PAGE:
It’s not a pretty picture, as described in this article in Salon:
Donald has followed in his father’s corrupt footsteps. Trump’s career is littered with bogus businesses (like Trump University); repeated ripoffs of suppliers, contractors and employees whom he failed to pay for services rendered; and the misuse of the Trump Foundation to feather his own nest while trying to look like a philanthropist. Six of Trump’s businesses have gone bankrupt. Despite this, on April 18, 2015, Trump tweeted this falsehood: ”For all of the haters and losers out there sorry, I never went Bankrupt.”
Trump has also lied about the size of his wealth, as various business publications have pointed out. Many observers suggest that one reason Trump has refused to release his tax returns is that they will show that he has repeatedly and wildly exaggerated his wealth and thus his success.
Given this background — his lackluster academic record, his dependence on his family’s connections and wealth to get into college and to succeed in business, and his troublesome and abusive business practices — it shouldn’t be surprising that Trump is so insecure about his intellect and so thin-skinned about his accomplishments.
A recent article in Scientific American explains the biology of why people are so willing to follow orders: Milgram’s research tackled whether a person could be coerced into behaving heinously, but new research released Thursday offers one explanation as to why. In particular, acting under orders caused participants to perceive a distance from outcomes that […]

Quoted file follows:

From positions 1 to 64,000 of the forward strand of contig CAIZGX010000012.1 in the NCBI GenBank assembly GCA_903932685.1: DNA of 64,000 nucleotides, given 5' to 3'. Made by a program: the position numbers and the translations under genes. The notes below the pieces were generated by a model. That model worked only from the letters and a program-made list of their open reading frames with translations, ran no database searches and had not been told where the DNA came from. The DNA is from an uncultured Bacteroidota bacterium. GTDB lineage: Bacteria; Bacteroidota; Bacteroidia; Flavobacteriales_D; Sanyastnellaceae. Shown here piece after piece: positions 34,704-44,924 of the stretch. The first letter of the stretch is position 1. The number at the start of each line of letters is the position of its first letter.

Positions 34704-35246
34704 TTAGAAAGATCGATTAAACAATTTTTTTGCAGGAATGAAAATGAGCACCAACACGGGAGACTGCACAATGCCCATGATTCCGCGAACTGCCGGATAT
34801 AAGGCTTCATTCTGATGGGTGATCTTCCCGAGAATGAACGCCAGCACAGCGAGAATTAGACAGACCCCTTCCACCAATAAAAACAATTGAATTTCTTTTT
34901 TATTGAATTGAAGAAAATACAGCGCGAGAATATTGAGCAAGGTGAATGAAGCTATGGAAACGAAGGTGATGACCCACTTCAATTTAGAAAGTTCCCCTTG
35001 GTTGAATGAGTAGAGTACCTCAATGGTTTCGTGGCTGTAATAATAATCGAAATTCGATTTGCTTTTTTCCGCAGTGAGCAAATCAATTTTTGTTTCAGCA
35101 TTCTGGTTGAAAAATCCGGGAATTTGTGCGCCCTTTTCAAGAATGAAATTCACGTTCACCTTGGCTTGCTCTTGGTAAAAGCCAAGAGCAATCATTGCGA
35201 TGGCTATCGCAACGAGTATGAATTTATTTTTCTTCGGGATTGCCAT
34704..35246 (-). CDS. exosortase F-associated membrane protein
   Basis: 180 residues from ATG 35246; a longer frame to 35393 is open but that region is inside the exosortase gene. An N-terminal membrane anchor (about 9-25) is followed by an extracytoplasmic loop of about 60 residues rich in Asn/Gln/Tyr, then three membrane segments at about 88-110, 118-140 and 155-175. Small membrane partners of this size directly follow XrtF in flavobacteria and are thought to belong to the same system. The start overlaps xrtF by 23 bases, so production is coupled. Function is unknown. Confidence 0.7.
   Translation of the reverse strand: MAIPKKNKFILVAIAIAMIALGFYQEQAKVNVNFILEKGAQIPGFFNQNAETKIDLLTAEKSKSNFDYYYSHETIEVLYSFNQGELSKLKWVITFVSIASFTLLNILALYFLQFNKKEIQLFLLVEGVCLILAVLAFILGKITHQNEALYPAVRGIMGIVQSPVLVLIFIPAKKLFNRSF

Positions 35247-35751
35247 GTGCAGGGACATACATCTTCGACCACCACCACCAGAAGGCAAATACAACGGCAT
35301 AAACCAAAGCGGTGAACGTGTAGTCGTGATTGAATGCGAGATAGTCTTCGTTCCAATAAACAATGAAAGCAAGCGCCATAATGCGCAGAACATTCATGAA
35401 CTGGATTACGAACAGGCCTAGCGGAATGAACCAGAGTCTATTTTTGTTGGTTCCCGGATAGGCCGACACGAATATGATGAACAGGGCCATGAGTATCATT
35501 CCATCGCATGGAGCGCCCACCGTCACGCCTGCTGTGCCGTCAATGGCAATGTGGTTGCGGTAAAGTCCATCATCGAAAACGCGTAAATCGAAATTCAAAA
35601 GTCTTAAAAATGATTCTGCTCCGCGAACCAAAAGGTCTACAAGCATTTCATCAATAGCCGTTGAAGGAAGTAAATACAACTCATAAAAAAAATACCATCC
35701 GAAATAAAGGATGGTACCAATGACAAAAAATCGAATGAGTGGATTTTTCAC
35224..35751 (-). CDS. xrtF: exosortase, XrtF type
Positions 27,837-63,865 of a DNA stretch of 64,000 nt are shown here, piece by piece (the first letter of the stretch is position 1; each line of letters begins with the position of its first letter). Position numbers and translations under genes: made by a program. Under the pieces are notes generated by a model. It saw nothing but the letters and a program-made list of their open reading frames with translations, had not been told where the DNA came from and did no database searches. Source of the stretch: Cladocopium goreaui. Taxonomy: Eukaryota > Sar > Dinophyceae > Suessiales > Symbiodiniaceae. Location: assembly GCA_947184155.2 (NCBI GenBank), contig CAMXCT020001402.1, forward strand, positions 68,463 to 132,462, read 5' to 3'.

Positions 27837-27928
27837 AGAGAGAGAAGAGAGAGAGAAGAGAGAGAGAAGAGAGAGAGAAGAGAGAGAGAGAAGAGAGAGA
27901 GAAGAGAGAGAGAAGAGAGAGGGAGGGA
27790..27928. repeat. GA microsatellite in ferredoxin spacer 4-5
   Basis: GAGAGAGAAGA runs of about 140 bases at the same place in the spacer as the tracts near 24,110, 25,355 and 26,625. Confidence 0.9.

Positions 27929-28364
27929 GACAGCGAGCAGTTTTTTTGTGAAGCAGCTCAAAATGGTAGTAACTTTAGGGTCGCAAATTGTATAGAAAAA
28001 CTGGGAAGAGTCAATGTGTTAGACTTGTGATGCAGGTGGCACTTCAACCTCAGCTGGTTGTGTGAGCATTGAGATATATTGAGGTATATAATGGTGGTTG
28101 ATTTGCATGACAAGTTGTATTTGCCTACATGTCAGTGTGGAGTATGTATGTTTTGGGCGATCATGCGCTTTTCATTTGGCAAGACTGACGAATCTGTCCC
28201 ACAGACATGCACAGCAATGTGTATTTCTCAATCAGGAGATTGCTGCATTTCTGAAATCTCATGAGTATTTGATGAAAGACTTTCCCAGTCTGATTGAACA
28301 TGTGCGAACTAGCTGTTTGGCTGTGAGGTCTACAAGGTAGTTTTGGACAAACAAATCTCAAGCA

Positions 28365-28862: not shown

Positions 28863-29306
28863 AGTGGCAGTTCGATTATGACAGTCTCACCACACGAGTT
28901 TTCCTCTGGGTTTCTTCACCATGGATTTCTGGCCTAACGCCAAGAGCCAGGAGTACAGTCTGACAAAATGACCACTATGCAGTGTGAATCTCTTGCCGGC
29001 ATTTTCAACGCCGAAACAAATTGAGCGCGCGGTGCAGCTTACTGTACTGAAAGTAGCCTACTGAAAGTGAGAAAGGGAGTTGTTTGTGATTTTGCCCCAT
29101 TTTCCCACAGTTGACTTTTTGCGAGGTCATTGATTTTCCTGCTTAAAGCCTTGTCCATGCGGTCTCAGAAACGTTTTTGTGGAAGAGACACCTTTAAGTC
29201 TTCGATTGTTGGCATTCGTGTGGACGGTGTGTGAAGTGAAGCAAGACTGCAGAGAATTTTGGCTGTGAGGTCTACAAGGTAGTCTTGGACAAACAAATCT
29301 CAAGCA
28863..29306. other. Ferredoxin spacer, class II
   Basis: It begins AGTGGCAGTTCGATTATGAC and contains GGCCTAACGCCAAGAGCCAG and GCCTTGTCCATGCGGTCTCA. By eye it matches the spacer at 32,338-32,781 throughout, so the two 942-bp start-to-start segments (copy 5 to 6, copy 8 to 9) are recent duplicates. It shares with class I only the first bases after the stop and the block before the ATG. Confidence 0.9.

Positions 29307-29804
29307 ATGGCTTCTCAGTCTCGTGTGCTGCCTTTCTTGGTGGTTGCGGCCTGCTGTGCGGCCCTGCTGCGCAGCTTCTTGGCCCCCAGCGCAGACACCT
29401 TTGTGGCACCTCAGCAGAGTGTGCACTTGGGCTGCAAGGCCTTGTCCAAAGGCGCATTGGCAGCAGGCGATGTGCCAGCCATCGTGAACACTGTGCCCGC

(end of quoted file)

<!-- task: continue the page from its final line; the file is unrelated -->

Randa Morris of Addicting Information examines the root of modern right wing ideology:
We know that conservatives respond strongly to negative stimuli. We know that they are motivated by fear, or what researchers describe as ‘perceived threats’. We know that conservatives are often deeply insecure. Hibbings research also suggests that conservatives view themselves as part of a small group, and that they perceive those outside of the group as a threat to the well being of the group itself. That knowledge goes a long way toward explaining conservatives attitudes toward immigration as well as their hatred of minorities, non Christians and others who fall outside of their elite circle. Going one step further, it seems that there is a belief that everyone outside of the group is a threat to the group itself.
One thing we still don’t know is whether conservatives are born with these tendencies or whether they learn them throughout life. Is it nature or nurture? One thing is for sure, those at the top of the right wing food chain know very well how to exploit their base through fear and negativity. The extreme right wing operates very much like a religious cult. The main job of the cult leaders is to keep the members fearful and distrusting of everyone outside of the group, thus ensuring that they can continue to control the message.
I tend to believe that the right wing media is the cause of the underlying psychology that researchers observe in conservative personalities. Logically speaking, how many people would be afraid of absurd conspiracy theories like Agenda 21 or Obamacare death panels or FEMA camps, if the right wing media didn’t disseminate so many lies? The same goes for just about any of things that conservatives fear, from immigrant children to any form of sane gun control, the conservative media keeps these people afraid at all times.
I’ve long ben familiar with John Gottman’s research on marital relationships. This Business Insider article sums up some of his main findings of what it is that makes a relationship work over the long term. Here’s an excerpt: